There was, on the street where we lived, an unfinished house–
incomplete in ways you didn’t notice at first;
no stairs up the porch to the front door,
no walkway to the porch. The type of details
that were left undone let a person know that
tradesmen, visitors and strangers were not welcome.
Inside lived an old woman, or at least old to us kids.
We’d see her sometimes through the windows, which
had no curtains, or maybe in her car before she drove
into her garage, which opened into her house. You saw
about as much of her as somebody’s gin rummy hand held
close to the breast; in plain sight, but her back was turned.
Such a provocation to a gang of young boys, and yet
none of us had the guts or the callousness to
bother her enough to react to us. She had a chain-link
fence around her yard, all the way out to the property line
There was no gate, so none of us ever got any
closer to trick or treat, or to chase a ball.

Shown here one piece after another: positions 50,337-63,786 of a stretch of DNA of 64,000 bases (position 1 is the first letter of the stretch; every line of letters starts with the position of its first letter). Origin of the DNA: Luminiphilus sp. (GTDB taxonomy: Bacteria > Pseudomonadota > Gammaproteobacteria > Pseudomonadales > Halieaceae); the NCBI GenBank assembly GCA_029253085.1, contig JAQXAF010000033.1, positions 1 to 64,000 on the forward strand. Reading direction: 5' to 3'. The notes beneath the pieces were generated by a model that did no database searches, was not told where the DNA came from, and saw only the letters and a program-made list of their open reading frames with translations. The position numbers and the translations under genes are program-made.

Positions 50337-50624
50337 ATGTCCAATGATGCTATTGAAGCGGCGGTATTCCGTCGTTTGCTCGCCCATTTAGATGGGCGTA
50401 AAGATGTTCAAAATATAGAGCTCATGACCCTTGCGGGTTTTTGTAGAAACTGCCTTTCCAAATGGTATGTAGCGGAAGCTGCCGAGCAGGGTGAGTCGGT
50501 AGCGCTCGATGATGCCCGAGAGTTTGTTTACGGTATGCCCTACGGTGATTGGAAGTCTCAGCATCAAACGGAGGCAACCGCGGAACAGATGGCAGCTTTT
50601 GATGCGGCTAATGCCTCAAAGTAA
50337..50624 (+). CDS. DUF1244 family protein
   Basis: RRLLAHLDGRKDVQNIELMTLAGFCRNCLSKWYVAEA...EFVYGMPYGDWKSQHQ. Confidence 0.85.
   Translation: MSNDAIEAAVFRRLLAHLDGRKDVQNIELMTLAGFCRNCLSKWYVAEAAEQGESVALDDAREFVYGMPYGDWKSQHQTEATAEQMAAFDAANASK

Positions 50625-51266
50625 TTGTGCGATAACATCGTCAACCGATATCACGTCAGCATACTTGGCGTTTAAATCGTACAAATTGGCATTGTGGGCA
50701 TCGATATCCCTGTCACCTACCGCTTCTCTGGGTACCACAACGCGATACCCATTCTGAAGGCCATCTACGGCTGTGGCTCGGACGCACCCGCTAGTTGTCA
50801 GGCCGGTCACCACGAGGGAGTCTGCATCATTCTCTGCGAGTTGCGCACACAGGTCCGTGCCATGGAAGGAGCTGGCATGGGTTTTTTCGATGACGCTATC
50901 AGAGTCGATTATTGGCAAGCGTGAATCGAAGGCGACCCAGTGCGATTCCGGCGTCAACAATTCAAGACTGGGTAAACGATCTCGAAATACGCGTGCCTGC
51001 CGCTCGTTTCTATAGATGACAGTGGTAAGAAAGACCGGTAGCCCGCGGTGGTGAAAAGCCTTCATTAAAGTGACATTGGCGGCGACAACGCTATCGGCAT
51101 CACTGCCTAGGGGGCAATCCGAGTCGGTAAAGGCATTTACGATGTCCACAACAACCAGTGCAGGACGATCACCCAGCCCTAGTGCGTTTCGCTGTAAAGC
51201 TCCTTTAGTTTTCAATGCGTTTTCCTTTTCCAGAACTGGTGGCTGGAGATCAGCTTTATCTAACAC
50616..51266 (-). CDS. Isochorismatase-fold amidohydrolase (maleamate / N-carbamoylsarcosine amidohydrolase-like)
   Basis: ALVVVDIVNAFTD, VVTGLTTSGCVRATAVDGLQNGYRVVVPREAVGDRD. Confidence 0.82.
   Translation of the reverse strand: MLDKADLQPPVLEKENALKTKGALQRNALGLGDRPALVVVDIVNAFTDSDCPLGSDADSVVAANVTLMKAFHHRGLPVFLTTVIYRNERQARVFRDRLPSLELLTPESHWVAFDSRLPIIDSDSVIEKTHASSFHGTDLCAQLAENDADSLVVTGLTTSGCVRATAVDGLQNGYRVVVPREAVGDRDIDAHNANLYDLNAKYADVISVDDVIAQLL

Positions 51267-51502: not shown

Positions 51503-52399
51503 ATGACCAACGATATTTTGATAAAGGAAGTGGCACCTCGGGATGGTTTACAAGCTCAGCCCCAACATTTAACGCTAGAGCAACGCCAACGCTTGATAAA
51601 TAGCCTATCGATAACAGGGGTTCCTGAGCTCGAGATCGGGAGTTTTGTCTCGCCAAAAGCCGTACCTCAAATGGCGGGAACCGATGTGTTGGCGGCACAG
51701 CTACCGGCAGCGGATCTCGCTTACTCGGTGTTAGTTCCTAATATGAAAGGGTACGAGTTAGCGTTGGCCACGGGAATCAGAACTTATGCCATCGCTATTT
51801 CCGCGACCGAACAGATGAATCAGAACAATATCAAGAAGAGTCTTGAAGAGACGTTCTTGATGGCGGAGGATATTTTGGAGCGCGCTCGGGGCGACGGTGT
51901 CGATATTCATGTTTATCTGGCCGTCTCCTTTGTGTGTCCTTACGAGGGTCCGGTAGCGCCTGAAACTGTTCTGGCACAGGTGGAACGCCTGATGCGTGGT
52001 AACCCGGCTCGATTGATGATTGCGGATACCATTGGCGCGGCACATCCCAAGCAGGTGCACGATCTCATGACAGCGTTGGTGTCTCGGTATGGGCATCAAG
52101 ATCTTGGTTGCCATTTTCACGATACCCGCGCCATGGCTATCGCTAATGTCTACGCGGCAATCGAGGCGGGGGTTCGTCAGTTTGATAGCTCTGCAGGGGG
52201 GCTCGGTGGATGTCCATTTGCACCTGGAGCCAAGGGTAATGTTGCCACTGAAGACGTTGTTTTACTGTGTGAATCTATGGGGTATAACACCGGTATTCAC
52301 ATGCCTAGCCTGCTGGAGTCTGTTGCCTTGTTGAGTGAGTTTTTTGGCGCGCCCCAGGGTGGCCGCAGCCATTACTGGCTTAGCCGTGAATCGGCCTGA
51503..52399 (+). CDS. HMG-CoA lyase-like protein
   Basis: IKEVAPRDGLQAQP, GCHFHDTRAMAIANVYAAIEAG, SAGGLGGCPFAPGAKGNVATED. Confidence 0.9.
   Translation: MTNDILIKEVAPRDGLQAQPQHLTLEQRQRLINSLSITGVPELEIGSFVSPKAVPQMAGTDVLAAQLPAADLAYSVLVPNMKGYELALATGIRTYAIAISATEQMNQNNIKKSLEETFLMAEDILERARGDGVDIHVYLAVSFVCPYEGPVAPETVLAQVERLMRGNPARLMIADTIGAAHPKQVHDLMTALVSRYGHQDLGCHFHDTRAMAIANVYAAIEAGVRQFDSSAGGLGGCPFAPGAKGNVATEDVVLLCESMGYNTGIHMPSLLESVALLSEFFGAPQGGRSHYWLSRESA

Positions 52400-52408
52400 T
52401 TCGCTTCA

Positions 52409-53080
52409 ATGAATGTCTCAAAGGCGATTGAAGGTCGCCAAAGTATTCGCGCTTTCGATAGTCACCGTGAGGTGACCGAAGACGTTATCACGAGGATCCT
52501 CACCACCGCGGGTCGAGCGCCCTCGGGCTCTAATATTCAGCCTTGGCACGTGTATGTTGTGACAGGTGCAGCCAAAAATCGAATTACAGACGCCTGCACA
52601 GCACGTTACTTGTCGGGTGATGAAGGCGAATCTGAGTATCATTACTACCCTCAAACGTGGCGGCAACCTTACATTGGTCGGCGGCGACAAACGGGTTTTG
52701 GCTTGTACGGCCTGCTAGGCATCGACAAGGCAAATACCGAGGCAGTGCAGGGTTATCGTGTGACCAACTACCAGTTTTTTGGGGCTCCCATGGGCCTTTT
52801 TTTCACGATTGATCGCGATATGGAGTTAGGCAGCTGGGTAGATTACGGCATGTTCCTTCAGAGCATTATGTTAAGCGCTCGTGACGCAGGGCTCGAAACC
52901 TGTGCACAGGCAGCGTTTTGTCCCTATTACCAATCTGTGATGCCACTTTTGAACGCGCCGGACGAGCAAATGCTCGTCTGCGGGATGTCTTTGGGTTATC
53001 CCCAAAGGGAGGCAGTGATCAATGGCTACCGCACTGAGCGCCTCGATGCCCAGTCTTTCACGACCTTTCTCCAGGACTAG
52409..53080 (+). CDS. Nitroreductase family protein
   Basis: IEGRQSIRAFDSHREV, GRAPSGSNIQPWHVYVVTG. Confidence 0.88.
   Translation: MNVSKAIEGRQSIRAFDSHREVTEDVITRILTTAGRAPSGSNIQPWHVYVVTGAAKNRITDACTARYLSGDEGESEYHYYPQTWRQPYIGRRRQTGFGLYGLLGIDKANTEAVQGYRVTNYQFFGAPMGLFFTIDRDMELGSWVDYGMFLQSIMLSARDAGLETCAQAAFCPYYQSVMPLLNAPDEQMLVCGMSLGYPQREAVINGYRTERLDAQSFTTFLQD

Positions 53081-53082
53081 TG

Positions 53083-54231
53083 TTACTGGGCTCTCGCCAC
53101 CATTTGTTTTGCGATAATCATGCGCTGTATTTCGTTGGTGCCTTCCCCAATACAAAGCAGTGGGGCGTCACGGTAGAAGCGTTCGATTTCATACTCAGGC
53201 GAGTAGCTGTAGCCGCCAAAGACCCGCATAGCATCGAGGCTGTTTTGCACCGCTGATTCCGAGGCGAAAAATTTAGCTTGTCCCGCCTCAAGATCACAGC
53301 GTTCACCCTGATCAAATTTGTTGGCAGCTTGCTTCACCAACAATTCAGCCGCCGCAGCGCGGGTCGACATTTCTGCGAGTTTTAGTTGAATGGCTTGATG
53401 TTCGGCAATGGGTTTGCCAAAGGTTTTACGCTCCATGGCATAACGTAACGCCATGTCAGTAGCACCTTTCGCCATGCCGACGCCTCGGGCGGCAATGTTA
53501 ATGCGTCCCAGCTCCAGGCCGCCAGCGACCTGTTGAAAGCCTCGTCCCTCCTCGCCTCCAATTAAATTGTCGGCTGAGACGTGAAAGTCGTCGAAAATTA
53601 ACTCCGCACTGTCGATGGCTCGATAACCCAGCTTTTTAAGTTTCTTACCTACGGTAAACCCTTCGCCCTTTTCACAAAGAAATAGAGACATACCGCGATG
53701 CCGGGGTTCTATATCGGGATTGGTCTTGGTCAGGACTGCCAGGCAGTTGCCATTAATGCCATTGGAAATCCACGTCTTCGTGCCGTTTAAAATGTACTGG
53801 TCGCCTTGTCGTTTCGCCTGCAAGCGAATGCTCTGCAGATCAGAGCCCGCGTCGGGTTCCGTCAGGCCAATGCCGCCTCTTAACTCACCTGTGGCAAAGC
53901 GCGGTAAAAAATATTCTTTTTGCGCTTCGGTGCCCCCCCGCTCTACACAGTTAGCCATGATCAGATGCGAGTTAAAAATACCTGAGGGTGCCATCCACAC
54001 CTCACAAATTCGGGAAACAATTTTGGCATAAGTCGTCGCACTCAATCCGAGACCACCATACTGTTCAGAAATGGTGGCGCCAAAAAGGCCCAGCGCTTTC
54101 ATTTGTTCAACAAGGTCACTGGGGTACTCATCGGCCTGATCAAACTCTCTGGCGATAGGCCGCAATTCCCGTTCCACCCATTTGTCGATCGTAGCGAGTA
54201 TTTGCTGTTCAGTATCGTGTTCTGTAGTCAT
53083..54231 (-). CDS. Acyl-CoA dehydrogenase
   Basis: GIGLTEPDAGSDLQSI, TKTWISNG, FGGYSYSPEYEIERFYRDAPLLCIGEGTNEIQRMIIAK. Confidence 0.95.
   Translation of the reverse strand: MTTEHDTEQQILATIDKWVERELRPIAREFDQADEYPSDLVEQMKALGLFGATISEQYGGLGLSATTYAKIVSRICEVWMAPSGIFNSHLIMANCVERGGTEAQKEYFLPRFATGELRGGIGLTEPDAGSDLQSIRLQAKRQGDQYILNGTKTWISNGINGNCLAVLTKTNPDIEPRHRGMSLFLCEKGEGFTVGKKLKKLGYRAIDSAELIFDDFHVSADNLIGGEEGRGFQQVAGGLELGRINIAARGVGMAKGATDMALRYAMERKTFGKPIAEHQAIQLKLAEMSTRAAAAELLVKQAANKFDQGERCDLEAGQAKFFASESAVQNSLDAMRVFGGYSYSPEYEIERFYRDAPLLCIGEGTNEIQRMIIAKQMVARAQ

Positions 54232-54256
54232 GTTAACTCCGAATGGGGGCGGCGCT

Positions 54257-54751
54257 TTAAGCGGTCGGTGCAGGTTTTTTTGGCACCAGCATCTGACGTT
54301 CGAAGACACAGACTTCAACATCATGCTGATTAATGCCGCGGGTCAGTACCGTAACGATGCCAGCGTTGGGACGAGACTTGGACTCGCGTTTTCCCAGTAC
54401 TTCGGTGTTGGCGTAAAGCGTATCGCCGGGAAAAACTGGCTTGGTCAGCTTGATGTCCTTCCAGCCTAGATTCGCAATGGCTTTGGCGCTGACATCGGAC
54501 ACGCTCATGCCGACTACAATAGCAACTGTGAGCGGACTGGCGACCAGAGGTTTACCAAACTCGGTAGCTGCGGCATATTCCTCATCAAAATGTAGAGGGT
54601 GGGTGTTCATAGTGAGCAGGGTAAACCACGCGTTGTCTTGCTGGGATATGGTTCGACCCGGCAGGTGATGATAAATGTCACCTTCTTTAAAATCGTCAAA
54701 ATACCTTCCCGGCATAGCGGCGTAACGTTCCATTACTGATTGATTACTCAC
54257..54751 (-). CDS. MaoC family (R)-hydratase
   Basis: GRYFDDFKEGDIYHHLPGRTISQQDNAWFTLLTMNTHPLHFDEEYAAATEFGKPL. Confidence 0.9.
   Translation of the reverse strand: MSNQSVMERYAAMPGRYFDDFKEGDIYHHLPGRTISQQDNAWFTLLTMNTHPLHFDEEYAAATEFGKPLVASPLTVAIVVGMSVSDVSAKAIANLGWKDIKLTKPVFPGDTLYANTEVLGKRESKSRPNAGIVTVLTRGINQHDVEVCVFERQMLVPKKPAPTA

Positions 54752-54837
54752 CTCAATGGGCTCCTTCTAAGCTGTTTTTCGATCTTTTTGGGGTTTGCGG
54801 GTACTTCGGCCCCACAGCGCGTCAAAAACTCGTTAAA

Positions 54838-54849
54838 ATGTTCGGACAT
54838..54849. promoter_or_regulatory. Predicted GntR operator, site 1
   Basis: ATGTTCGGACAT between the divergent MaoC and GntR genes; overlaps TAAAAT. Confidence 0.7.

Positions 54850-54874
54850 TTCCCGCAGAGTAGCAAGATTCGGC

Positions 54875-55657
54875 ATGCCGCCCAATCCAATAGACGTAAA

The story our parents told us was that she’d figured
out a way to save money on her property taxes.
Until her house was finished, it was undeveloped
even though she slept there every night, and kept
a fire going in one fireplace all winter long.
She was shrewd, crazy like a fox, my mom said.
I don’t know who told me the other version of her life,
and which was true; that she had been engaged to be
married to a man more dashing and handsome than
she expected. That she had built the house with money
she’d inherited from her family, and that the money,
and not love, was the reason he was attracted to her.
The banns had been published, and they would move in
when they got back from their honeymoon, the
house would be finished by then. But something happened;
the man discovered he couldn’t live for money alone,
or maybe he found another woman just as rich
but prettier. Either way, he was gone.
And so the house stood there, unfinished, like the heart
she had built for him. She saved on taxes, yes,
but also on expenditures of emotion. She needed
nobody, and nobody needed her. She grew used to it
and, like an unused chimney that’s bricked over to
conserve heat, she was as cold and indifferent as stone.
From “Town Folk and Country People.”